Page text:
Blair is most unpopular Labour PM
Tony Blair, who broke all records for public approval when he entered No 10 nine years ago, is now the most unpopular Labour Prime Minister of modern times, a YouGov survey for The Daily Telegraph shows today.
Only 26 per cent of voters are satisfied with Mr Blair's performance, lower than Harold Wilson's 27 per cent rating in May 1968 after devaluation of the pound.The spectacular collapse in Mr Blair's personal rating was reinforced by a further drop in support for Labour. After last Thursday's drubbing in the English local elections, Labour is now six points behind a resurgent Conservative Party led by David Cameron.
YouGov's survey puts the Conservatives on 37 per cent, Labour 31 and the Liberal Democrats 17.
It is the second opinion poll in 24 hours to show a collapse in Labour support after the turmoil of recent weeks, including the "loans for peerages" scandal, the foreign prisoners fiasco, John Prescott's affair, and feuding over when Mr Blair will hand over to Gordon Brown.
The sharp drop in Mr Blair's personal standing is a further blow after what is generally acknowledged to have been his worst two weeks in power.
Labour MPs who attended a tense meeting of the parliamentary party at Westminster on Monday night claimed that the "countdown" to the end of the Blair's era had begun and he would be gone by May next year or a few months after.
Mr Blair is Labour's most successful leader, having won three consecutive general elections to give the party the prospect of at least 12 years of uninterrupted power.
Five months after his first landslide victory in May 1997, his satisfaction rating reached a record 83 per cent.
Gallup, The Daily Telegraph's former pollsters, have asked a standard question about satisfaction with the prime minister of the day since 1938. Before Mr Blair, the previous highest rating was Harold Macmillan on 79 per cent.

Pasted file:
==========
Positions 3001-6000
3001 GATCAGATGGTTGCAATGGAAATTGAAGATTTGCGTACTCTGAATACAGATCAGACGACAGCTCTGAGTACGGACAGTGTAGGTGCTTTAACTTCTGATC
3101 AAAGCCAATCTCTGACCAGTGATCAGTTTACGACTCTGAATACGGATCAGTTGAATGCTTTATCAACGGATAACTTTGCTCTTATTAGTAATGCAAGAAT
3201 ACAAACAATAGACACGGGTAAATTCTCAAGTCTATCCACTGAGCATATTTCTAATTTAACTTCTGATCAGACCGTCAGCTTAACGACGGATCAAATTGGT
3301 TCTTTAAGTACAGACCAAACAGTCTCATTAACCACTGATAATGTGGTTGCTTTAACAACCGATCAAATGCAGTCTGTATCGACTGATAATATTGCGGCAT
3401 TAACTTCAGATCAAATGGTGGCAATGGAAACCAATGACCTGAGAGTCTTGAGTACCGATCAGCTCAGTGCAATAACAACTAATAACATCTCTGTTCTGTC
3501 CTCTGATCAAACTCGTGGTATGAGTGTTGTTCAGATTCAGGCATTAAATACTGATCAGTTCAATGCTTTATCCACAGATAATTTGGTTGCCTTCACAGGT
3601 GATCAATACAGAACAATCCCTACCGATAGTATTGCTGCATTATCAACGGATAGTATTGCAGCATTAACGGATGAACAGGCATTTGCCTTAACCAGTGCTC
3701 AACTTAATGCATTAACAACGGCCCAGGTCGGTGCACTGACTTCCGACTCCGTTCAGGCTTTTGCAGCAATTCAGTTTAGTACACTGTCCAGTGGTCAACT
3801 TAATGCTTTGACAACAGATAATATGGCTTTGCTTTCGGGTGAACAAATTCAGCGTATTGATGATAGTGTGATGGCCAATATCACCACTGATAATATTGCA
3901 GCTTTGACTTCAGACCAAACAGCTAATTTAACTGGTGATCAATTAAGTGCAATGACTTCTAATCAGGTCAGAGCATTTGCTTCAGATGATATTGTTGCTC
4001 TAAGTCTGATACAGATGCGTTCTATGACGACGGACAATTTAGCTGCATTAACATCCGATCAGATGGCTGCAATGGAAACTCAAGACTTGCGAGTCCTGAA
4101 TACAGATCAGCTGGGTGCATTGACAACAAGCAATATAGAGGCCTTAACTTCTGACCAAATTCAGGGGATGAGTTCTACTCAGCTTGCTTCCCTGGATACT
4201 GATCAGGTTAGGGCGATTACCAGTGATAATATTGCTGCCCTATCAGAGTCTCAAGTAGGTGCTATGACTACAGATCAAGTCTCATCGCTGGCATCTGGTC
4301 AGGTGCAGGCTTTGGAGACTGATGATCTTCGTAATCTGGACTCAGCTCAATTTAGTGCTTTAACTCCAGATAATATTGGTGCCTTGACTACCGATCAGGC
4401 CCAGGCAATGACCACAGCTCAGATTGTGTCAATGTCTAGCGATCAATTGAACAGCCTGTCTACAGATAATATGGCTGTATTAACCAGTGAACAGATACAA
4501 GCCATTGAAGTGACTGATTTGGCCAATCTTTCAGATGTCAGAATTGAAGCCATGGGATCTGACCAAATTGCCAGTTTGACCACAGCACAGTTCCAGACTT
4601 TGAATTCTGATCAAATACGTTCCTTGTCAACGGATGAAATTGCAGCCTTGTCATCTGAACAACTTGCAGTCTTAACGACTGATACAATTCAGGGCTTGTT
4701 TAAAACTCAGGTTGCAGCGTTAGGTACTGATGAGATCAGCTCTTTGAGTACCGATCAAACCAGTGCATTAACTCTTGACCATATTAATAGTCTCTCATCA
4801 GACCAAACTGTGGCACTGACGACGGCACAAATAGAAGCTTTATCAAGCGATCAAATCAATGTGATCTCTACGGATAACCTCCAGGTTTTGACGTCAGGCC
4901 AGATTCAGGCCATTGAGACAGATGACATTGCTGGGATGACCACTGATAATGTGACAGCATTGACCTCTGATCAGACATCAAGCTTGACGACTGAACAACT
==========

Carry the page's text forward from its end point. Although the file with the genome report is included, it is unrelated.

Margaret Thatcher fell to 24 per cent in April 1990 at the height of the poll tax riots - and was ousted by Tory MPs seven months later. Mr Blair's predecessor, John Major, registered a low point of 15 per cent in January 1995, two years before he lost offfice.
Labour's two other post-war premiers, James Callaghan and Clement Attlee, never dropped below 30 per cent.
YouGov's poll showed most voters want Mr Blair to go by the end of next year, while only six per cent believe Labour is united - the lowest figure since the party split of the early 1980s when Michael Foot was leader.
Mr Brown kept up the pressure on Mr Blair, saying he did not want a repeat of Mrs Thatcher's ejection from office at the hands of her Cabinet.
"Tony said that he is going to be doing it in a stable and orderly way, that means that he is going to be talking not just to me but to senior colleagues about it," the Chancellor told GMTV.
"Remember when Mrs Thatcher left, it was unstable, it was disorderly and it was undignified."
He said Mr Blair would now have talks with senior colleagues about the transfer of power, though he said the Prime Minister had not yet discussed timings with him.
Ian Davidson, a back-bench critic of Mr Blair, said that now he had accepted that he would not serve a full third term, the immediate pressure on him had lifted.
"I think we have to recognise that he has done an enormous service to the Labour Party in winning us three elections and it would be churlish to try to throw him out too soon," he said.
Mr Blair's reshuffled cabinet made a shaky start yesterday when Margaret Beckett, the unexpected choice as Foreign Secretary, admitted she had been thrown in at the deep end and was "flying by the seat of my pants" at crisis talks in New York on Iran's nuclear programme.
Ruth Kelly, the new Communities Secretary, a devout Catholic, angered gay rights groups when she twice refused to answer a question about whether she regarded homosexuality as a sin.
Downing Street was also forced to announce emergency changes to the ministerial line-up after it emerged that Mr Blair had given jobs in two different departments to the same junior minister in the Lords, Lady Ashton.
The bookmakers William Hill yesterday made the Tories favourites to win the next election, the first time they have been in front since losing power in 1997.
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